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Welcome to Alabama: The Heart of Corruption

Bill Britt

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By Bill Britt
Alabama Political Reporter

The chronically delayed trial of The State of Alabama V. Michael G. Hubbard is set to begin Tuesday. Nearly two years after his indictments on 23 felony counts of public corruption, a jury of his peers will hear opening statements from the State, and the defense. There was a defense motion pending before trial Judge Jacob Walker, III, but late on Friday, Hubbard’s defenses withdrew the motion.

Over the last three and a half years, I have personally written hundreds of articles outlining Hubbard’s scandalous career as a businessman and a politician. To a journalist, Hubbard is almost a once-in-a-lifetime crook. Controlling, yet careless; merciless, and yet pleading; he is a study in contrast. His “radio” voice and practiced posture was cultivated to allow him to cast himself as a suave media personality, and a savvy businessman, but most importantly, a strong political figure. But, none of those things are actually real. Without the constant assistance from more powerful, more successful, and more competent men, Hubbard would have been little more than a red clay Georgian with an inferiority chip on his shoulder.

His mentor, former Gov. Bob Riley, warned him about his greediness, but he didn’t listen because, his failed business interests, a need to keep up appearances, and his arrogance drove him to think he could do it all. Here again, his persona betrayed the real man, the scared boy, who was always in need of help from bigger men. Hubbard is smart, and has talent, but wreaks of inauthenticity, and sorely lacks basic human decency. He is both a phony, and a user, whose very appearance is pure trailer park elegance. A despicable little man, with with a big ego, and a small moral compass.

Yet, with all of his failings, and now, having to face trial, the Riley’s are sticking with their guy. Just last week, Rob Riley was making phone calls pleading with wealthy republican donors to contribute to Hubbard’s legal defense fund.

Hubbard’s attorney Bill Baxley is believed to have demanded his money up front, after Hubbard stiffed his original criminal lawyer, J. Mark White for over a million dollars.

So, what’s ol’ Rob up to?

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Many thought the Riley clan would have been wise to establish a “prison trust fund” for their boy. And given the many high profile businessman who will be called to give testimony, surely a few million could have been put aside for Hubbard to just take the rap and save them further embarrassment. Almost no one thought Papa Riley would ever take the stand. Even now, there are those who believe Riley might suddenly feel a need for an extended motorcycle trip to Alaska.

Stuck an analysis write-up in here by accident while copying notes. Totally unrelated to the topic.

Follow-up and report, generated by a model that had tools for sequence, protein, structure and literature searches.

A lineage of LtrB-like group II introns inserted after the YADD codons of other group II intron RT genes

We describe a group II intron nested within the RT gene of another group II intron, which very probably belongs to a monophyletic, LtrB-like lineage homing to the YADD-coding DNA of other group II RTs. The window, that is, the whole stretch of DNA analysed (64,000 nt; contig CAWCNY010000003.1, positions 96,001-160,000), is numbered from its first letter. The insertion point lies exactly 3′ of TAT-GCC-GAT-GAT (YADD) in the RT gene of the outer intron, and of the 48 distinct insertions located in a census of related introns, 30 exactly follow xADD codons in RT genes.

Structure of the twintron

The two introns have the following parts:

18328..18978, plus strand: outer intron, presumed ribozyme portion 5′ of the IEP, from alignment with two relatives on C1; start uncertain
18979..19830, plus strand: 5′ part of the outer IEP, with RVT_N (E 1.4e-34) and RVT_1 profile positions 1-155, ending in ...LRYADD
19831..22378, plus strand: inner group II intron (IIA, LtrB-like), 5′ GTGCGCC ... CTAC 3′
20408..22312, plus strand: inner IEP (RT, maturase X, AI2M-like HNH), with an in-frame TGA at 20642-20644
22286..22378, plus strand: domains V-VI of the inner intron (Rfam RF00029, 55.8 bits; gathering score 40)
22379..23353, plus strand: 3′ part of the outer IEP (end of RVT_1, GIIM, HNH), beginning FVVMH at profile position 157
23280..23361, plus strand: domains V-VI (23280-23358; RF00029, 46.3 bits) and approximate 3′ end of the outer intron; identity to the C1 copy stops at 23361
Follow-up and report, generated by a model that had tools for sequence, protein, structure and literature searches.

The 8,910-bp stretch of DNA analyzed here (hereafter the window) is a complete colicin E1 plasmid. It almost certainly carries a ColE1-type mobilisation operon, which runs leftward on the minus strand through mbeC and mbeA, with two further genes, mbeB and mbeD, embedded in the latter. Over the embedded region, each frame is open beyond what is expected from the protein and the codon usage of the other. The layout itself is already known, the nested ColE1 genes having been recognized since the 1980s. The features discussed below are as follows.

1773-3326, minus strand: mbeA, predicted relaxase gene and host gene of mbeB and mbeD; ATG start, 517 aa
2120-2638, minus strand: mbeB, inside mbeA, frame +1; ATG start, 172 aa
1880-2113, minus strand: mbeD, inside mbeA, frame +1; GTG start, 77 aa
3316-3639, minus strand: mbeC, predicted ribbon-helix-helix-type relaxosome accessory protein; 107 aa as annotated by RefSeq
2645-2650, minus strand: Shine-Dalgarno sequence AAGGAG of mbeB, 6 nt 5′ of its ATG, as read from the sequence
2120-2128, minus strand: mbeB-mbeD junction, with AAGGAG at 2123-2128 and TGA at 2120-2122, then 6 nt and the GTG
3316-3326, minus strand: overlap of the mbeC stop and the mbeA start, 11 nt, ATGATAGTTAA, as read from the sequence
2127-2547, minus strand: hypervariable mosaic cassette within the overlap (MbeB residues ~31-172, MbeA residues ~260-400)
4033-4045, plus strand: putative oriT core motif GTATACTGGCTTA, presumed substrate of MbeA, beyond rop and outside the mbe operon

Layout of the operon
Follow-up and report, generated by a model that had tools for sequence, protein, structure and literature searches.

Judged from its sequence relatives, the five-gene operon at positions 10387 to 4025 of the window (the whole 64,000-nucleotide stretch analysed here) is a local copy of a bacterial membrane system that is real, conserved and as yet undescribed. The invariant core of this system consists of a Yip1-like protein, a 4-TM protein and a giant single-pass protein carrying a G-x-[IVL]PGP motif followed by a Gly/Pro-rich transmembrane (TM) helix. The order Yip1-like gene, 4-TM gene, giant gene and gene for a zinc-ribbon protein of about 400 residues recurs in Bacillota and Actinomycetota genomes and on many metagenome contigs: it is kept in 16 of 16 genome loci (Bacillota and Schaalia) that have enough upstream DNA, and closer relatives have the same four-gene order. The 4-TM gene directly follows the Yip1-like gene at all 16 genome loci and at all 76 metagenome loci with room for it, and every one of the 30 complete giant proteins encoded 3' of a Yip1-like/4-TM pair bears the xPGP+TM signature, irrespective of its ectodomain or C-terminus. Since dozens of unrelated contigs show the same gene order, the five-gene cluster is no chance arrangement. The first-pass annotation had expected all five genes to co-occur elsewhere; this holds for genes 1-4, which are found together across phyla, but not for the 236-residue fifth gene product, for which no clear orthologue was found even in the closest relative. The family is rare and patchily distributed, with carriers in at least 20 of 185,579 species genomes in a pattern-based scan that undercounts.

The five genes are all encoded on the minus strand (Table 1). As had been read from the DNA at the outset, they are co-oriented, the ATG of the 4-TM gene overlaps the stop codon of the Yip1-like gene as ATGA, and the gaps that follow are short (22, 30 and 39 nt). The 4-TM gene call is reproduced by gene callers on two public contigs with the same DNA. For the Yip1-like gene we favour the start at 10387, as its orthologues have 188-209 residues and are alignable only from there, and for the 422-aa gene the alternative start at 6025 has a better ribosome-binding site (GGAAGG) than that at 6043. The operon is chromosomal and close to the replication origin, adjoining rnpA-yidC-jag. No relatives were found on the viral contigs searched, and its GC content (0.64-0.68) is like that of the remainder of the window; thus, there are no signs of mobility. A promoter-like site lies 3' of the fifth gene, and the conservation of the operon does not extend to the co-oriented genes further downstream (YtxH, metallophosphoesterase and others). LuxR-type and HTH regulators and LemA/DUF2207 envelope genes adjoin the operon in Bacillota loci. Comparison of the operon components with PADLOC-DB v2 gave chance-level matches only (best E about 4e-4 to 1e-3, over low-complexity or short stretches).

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There is still time for Hubbard to plea, but is he so delusional that even the Riley’s can’t reach him? Hubbard, like others, never believed he would be indicted, and he certainly never thought he would stand trial in Lee County.

A plea agreement can be reached at anytime, even during the trial, so that is still a possibility, but it is looking doubtful. The State has all ready presented the defense with over 1500 exhibits it plans to introduce, and a list of over 135 witness have been listed on Alacourt.

With a who’s who of lawmakers, lobbyists, and business leaders, the trial will be a made-for-reality-TV, on how politics in our State actually work. It will also serve as a master’s class on public corruption.

If the trial goes forward as expected, the State and the Nation will be treated to an adult portion of political underbelly, Alabama style. With Hubbard on trial and Gov. Robert Bentley under investigation, more fallout to surely come. We should be honest and place a greeting on the highways leading into our State that reads, “Welcome to Alabama: The Heart of Corruption. Have a nice pay to play day!”

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